Apropos last weekend’s Exos launch, what does it take to build a reusable VTVL sounding rocket? Start w/ a 1DOF ascent-only simulation w/ a few realisms added:
- Time-varying mass
- Altitude-varying engine performance (LOX/ethanol at 350 psi and r = 1.1 from free version of RPA)
- Altitude-varying atmosphere (from 1976 atmo model)
- Drag coefficient (V2 copied out of Sutton) function of local Mach number
The 1DOF program needs to integrate these two differential equations:
- mdot = Fthrust/Isp(x)/g;
- xdotdot = 1/m(t) *(Fthrust – 0.5*rho(x)*Cd(M)*A*xdot^2 – m(t)*g);
For zeta = 0.45, TW= 1.1, and max thrust = 3.6 kN the max altitude is 16785 m (55069 ft). Definitely not the von Karman line, but probably enough of a challenge. A couple of the FAR university rocket challenges are to a similar altitude. I don’t know if a business case for a reusable sounding rocket closes – John Quinn said the sounding rocket stuff is a practice for their orbital program. And Blue Origin flies New Shepard only 3 times year, so probably can’t parlay a suborbital sounding rocket hobby into a business. Zeta = 0.45 is a lousy propellant mass fraction, but I’m pleasantly surprised it makes it past 50,000 feet.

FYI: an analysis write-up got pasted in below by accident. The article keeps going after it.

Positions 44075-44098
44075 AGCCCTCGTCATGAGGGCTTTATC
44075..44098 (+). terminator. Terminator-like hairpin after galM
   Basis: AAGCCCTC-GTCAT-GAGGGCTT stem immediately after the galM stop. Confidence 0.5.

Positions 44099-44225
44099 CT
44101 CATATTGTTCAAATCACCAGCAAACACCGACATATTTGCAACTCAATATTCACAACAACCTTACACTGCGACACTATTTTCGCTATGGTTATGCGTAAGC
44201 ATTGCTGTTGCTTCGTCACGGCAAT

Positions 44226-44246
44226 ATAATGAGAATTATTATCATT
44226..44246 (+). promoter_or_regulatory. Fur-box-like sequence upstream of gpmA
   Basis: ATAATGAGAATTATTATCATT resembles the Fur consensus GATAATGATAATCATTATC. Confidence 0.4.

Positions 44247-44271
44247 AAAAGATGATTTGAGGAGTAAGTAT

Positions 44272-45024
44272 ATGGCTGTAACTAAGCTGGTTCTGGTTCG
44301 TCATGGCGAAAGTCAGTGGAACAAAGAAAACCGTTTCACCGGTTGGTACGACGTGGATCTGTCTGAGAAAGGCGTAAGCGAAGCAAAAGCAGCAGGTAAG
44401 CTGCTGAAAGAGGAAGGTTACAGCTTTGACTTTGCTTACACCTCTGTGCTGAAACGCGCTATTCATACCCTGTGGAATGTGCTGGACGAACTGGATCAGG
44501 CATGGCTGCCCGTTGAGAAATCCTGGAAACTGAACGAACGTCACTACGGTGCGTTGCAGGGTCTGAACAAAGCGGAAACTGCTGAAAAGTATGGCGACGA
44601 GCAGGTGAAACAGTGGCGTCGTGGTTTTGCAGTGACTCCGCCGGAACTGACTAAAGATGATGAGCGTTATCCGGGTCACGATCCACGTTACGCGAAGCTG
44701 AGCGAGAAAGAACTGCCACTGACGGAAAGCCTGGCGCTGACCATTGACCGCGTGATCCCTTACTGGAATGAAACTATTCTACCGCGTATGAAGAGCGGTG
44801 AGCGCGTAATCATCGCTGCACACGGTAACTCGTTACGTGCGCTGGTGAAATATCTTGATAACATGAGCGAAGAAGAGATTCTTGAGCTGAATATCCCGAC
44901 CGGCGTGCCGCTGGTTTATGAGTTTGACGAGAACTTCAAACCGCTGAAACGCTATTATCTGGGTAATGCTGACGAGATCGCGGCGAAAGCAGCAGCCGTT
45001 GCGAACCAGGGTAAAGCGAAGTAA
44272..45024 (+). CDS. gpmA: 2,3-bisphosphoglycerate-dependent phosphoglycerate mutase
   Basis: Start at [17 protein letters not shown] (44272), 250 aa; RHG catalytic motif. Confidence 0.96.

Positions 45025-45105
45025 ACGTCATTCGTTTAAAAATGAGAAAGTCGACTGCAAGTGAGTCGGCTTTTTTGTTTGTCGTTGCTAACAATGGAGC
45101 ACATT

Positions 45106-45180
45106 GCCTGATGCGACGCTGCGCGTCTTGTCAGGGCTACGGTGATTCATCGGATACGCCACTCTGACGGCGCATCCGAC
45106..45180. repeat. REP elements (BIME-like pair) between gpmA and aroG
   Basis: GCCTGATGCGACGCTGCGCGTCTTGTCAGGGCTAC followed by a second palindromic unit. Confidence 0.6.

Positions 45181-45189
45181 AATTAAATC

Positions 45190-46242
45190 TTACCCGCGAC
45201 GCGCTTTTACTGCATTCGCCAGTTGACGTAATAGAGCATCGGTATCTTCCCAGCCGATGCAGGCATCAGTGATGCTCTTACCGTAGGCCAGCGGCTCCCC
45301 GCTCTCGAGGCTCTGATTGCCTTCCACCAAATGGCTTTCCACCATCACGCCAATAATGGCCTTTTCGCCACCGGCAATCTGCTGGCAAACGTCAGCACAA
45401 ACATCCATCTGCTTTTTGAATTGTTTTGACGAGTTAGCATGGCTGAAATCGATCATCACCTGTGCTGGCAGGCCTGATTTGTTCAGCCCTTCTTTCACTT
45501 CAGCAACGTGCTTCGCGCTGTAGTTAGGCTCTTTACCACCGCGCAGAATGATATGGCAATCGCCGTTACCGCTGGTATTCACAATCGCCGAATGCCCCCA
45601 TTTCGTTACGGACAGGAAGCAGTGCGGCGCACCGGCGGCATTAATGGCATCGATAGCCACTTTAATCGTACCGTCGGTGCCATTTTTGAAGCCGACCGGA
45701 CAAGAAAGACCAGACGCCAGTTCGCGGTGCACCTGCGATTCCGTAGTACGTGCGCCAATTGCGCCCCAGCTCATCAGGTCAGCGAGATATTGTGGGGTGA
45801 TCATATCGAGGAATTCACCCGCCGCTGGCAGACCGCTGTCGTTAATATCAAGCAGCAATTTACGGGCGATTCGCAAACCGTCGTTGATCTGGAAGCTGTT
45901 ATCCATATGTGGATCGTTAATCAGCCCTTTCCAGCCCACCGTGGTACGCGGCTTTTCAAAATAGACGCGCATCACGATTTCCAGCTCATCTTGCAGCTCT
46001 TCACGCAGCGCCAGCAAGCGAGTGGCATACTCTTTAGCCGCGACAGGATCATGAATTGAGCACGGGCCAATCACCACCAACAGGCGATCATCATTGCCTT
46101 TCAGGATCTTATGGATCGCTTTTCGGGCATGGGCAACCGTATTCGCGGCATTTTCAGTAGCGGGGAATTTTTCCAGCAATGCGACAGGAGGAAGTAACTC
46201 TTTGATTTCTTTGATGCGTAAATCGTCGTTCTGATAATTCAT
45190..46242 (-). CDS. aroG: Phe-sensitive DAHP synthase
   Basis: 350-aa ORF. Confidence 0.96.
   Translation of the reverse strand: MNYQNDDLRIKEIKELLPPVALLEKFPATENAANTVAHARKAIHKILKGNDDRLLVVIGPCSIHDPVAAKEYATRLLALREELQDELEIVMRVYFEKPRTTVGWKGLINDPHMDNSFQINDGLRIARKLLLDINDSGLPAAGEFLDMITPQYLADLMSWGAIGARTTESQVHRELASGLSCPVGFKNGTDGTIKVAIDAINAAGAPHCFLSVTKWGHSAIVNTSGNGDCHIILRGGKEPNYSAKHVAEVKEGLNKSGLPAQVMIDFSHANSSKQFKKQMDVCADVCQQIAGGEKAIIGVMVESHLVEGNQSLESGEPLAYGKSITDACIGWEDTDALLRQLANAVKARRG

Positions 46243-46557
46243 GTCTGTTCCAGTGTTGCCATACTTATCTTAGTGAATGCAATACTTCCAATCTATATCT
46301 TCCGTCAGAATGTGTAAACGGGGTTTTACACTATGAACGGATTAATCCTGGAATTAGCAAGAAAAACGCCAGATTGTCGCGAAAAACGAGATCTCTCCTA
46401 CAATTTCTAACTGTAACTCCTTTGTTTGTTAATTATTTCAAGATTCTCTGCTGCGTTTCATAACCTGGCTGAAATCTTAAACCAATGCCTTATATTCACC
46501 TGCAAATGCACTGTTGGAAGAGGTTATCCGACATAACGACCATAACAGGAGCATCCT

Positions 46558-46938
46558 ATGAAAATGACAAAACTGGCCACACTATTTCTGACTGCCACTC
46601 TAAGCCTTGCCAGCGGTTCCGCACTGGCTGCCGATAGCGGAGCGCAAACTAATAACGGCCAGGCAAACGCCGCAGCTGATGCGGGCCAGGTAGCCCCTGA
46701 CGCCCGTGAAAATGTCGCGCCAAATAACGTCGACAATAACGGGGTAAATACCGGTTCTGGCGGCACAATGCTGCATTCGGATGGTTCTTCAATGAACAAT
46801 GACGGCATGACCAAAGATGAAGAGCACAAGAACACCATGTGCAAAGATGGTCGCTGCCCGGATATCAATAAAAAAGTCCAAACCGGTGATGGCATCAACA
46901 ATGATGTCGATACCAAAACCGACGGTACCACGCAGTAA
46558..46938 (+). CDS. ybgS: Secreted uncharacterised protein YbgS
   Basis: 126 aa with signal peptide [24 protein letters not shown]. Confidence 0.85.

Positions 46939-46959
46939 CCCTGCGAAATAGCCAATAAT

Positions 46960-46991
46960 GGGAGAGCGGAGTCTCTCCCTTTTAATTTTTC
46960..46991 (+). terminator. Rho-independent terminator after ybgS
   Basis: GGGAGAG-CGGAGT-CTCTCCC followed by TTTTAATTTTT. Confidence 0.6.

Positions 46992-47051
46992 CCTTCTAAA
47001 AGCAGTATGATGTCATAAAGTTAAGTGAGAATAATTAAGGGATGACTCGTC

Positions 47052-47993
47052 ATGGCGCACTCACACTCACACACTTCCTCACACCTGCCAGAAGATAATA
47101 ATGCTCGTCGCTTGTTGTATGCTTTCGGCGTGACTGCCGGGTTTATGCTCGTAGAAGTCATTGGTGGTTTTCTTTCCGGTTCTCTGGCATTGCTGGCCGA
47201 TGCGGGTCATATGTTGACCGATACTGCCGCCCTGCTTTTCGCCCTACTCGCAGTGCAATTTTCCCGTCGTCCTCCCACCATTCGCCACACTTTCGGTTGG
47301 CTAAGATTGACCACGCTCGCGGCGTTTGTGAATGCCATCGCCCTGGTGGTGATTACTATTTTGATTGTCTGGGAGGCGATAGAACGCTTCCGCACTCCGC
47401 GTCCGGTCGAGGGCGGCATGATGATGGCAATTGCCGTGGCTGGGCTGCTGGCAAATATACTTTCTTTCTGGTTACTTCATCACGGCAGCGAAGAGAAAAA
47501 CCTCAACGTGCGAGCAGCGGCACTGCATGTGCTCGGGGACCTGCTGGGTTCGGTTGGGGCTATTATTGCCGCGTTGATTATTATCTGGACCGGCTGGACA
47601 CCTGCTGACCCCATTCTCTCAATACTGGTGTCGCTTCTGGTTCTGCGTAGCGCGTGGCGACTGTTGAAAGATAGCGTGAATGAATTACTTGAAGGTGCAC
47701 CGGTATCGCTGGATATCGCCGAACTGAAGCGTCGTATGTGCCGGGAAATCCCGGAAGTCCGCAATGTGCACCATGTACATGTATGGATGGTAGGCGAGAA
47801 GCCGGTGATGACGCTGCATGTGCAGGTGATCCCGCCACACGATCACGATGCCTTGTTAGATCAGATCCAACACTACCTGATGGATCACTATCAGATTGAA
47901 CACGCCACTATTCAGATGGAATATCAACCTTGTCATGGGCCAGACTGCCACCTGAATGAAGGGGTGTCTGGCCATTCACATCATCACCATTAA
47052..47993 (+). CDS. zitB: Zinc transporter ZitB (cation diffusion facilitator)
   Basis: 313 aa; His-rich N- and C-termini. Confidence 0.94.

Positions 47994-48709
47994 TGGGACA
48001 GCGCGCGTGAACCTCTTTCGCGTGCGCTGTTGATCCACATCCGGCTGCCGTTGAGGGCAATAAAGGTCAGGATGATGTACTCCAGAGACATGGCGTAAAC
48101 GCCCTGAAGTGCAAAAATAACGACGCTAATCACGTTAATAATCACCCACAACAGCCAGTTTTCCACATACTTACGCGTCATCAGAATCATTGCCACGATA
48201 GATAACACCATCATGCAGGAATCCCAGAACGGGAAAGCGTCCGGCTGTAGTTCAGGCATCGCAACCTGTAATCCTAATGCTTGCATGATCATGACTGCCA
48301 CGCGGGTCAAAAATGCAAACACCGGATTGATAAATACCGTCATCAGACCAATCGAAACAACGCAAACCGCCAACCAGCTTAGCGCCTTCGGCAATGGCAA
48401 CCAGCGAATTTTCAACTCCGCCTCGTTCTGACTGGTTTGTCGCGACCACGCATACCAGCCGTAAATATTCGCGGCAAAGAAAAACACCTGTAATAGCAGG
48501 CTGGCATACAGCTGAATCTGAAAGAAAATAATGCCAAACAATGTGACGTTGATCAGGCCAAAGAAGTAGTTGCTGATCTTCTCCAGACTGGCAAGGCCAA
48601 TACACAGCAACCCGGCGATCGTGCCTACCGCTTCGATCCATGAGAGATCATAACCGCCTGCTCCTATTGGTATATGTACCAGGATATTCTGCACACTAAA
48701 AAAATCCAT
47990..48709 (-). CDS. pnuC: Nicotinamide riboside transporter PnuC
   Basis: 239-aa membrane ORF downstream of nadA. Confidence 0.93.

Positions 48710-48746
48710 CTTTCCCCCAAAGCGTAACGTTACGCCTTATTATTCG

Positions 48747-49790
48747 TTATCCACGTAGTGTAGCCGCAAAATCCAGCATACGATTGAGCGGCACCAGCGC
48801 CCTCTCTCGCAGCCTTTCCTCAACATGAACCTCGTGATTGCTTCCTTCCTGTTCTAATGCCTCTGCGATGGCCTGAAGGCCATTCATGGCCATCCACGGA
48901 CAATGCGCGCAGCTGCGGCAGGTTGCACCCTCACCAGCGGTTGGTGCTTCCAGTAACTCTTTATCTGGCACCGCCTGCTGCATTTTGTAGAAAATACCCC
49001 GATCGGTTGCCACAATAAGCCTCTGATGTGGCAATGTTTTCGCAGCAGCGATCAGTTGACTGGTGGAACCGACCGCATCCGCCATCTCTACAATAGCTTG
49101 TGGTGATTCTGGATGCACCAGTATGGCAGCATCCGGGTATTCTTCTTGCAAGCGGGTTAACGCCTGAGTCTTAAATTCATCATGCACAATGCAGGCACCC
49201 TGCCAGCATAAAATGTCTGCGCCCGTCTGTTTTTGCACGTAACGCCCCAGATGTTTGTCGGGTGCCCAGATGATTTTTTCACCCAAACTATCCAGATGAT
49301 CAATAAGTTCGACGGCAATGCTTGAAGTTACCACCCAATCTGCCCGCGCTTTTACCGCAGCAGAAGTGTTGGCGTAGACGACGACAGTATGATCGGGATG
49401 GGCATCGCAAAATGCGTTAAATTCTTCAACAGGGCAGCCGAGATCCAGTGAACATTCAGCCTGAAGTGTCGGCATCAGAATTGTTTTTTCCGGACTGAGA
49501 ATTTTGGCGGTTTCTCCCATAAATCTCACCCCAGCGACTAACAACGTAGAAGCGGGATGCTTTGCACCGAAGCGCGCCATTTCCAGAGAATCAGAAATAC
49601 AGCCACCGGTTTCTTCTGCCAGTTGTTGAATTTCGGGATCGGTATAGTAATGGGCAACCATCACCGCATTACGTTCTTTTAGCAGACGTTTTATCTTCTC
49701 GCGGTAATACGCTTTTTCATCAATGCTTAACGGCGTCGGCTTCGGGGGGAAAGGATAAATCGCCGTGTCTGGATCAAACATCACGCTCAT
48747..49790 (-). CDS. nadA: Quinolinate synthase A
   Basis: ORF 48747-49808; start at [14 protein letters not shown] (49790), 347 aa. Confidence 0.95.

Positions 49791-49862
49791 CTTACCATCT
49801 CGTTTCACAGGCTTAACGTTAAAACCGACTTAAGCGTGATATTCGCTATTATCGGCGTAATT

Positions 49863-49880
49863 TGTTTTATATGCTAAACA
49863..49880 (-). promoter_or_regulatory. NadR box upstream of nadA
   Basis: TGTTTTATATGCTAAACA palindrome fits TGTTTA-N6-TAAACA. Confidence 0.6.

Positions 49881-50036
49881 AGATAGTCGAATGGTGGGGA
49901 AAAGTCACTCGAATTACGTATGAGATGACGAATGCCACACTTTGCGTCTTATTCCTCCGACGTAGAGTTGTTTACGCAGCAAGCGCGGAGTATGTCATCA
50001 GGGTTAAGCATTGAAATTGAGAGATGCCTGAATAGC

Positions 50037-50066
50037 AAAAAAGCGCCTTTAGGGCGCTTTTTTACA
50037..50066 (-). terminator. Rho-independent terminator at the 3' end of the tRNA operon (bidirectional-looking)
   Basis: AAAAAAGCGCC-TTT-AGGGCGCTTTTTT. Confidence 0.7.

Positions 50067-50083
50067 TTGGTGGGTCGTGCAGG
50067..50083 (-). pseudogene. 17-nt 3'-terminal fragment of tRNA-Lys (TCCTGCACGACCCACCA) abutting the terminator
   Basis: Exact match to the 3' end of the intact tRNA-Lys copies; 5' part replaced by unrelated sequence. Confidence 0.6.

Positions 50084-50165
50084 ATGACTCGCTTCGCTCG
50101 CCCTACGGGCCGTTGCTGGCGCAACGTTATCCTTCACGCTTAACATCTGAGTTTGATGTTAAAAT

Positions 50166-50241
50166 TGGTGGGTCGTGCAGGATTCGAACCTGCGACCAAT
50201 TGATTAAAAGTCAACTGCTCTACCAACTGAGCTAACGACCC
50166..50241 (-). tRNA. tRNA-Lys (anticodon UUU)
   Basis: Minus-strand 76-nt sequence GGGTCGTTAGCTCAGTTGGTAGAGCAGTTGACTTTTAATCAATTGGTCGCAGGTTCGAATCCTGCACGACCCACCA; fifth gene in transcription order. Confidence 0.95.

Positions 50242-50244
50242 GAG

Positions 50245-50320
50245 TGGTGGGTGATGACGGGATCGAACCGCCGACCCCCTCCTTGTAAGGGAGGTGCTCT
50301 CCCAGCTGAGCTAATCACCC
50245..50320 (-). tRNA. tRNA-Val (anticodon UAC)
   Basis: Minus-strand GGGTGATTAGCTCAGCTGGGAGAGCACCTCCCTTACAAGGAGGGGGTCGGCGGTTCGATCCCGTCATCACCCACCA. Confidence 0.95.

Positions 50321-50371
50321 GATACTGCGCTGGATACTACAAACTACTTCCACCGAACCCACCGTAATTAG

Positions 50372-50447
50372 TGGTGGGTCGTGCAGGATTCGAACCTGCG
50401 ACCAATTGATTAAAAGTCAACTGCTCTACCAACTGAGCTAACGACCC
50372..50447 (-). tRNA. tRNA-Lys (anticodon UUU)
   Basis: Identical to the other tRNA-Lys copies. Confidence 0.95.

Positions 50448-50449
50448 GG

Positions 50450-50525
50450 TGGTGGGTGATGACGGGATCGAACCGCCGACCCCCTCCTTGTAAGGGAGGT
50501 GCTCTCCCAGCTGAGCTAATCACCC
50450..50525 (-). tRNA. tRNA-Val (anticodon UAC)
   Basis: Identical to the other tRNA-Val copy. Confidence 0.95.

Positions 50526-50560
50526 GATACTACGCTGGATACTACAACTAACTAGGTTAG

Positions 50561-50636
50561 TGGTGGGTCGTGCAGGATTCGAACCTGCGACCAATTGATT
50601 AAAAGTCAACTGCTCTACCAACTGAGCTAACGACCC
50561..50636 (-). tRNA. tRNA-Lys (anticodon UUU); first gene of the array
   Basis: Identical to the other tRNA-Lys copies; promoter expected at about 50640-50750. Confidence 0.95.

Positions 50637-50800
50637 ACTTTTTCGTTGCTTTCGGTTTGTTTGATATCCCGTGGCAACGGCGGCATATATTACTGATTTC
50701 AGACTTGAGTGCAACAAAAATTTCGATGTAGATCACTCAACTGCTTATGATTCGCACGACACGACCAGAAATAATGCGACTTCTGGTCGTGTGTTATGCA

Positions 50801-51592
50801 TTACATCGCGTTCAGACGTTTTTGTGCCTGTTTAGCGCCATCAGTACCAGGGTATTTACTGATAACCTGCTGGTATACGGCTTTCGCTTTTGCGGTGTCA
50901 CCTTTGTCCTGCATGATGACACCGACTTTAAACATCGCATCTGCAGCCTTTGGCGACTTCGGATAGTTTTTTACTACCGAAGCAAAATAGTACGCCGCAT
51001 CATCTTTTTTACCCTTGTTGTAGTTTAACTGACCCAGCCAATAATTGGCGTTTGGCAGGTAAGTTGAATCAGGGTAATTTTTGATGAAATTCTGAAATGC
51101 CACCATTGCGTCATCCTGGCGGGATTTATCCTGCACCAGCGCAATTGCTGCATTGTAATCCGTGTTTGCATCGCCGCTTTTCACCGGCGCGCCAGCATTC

I didn’t find a lot of drag coefficient data – I emailed this guy several times because his CFD software is cheap and looks easy to use, but he never replied. So I took the plot of V2 Cd vs. M and wrote a script that lets me click on the picture to capture a lot of points. The CdFxn() script does a crude nearest neighbor interpolation which is why you see the same drag coefficient for multiple Mach numbers in the plot below.